Open Vancouver

Via Geoff Zeiss, those granola sucking hippies in the City of Vancouver council have decided to to promote open data, open standards, and … open source?!?

I always get a little worried when politicians start actively mucking around in the operational details of government, but to be fair it is hard to put a hard black and white line between where policy stops and implementation begins. Is mandating open source a policy, or is it telling city workers how to do their jobs? Council could also pass a resolution not allowing the “q” key to be pressed on Fridays.

In this great debate, I think my position is this: mandating open data (basically an enhanced form of Freedom of Information) and open standards (without which Freedom of Information is moot) make sense as policy matters. Mandating open source crosses the line, dealing more with “means” than with “ends”. City managers will eventually figure out on their own that the value proposition of considering open source is high. Council might be (hell, they are) right on this issue, but defining what tools are to be used to achieve operational goals is a slippery slope, and there’s lots of places council will be wrong in the future on if they go down this path.

For a great example of why you don’t want legislators telling the executive precisely what to do, see congressional earmarks.

iPhone w/ Magnetometer

Magnetometer + GPS + accelerometer == device that knows exactly where it is and where it is pointed. So, augmented reality, here we come.

Nice ship. Be a real shame if something happened to it.

If terrorists can use Google Earth to bring down Western civilization, I’m sure pirates can find something useful to do with this.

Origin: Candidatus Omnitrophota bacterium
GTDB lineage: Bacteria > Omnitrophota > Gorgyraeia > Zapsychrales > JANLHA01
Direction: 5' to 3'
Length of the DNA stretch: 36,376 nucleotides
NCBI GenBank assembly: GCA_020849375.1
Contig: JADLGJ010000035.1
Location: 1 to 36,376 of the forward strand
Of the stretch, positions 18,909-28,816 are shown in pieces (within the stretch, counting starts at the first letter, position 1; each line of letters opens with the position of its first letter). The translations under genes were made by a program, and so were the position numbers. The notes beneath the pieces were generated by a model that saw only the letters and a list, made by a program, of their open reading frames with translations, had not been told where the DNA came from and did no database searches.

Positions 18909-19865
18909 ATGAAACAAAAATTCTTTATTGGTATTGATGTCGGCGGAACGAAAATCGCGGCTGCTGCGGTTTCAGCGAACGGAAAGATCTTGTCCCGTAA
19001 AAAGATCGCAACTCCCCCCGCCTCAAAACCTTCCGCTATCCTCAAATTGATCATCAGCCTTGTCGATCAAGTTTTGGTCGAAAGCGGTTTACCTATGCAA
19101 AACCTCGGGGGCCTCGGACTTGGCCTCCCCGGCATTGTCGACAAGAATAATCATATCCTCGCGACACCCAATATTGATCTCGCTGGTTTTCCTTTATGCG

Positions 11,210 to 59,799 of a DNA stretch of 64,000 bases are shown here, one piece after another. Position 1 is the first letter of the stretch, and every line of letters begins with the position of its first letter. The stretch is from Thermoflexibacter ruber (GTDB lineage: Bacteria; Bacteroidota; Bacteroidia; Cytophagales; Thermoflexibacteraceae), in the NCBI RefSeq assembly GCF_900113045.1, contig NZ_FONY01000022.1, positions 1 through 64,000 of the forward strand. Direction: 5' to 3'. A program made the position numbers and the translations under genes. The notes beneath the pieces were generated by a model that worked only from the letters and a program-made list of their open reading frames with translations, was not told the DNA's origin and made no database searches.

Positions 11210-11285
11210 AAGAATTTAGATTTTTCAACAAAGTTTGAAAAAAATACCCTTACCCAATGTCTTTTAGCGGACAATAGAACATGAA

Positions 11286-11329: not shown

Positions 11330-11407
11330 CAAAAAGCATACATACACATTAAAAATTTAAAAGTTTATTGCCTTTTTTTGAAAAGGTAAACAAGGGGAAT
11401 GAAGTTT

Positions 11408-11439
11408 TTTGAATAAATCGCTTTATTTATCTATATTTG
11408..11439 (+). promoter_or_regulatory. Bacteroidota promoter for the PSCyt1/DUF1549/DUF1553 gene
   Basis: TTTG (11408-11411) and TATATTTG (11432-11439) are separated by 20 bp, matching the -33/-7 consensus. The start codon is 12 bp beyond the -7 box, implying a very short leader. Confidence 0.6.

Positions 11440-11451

Update: Title Reference

Magnum Opus

I recently (well, two months ago) and wrote down a great deal of thoughts about the architecture for web mapping we are pushing at OpenGeo, and it’s up on the website now.

http://opengeo.org/publications/opengeo-architecture/

Architecture of Evil

Update: I think the magnitude of the evil can only be appreciated if you see the JSP (yep, that’s all of it, that’s my “middleware”):

<%@ taglib uri="http://java.sun.com/jsp/jstl/sql" prefix="sql" %>
<%@ taglib uri="http://java.sun.com/jsp/jstl/core" prefix="c" %>
<%@ page contentType="text/x-json" %>

<sql:query var="rs" dataSource="jdbc/postgisdb">
${param.sql}
</sql:query>

{"type":"FeatureCollection",
 "features":[
<c:forEach var="row" items="${rs.rows}">
 {"type":"Feature",
  "geometry":<c:out value="${row.st_asgeojson}" escapeXml="false" />,
  "properties":{
  <c:forEach var="column" items="${row}">
   <c:if test="${column.key != 'st_asgeojson'}">
    "<c:out value="${column.key}" escapeXml="false" />":
    "<c:out value="${column.value}" escapeXml="false" />",
   </c:if>
  </c:forEach>
}},
</c:forEach>
]}

Update 2: Yes, I am being a bit sarcastic. Being able to compress the layer between the Javascript and the database into something this narrow is diabolical, and only possible because there is so much smarts in OpenLayers. I, for one, welcome our new hipster Javascript overlords.

Update 3: The “evil” is passing SQL unmediated from your browser directly into your database. It’s fun in a workshop (which is what I wrote this abomination for) but it’s not to be let out of the lab, lest global pandemic ensue.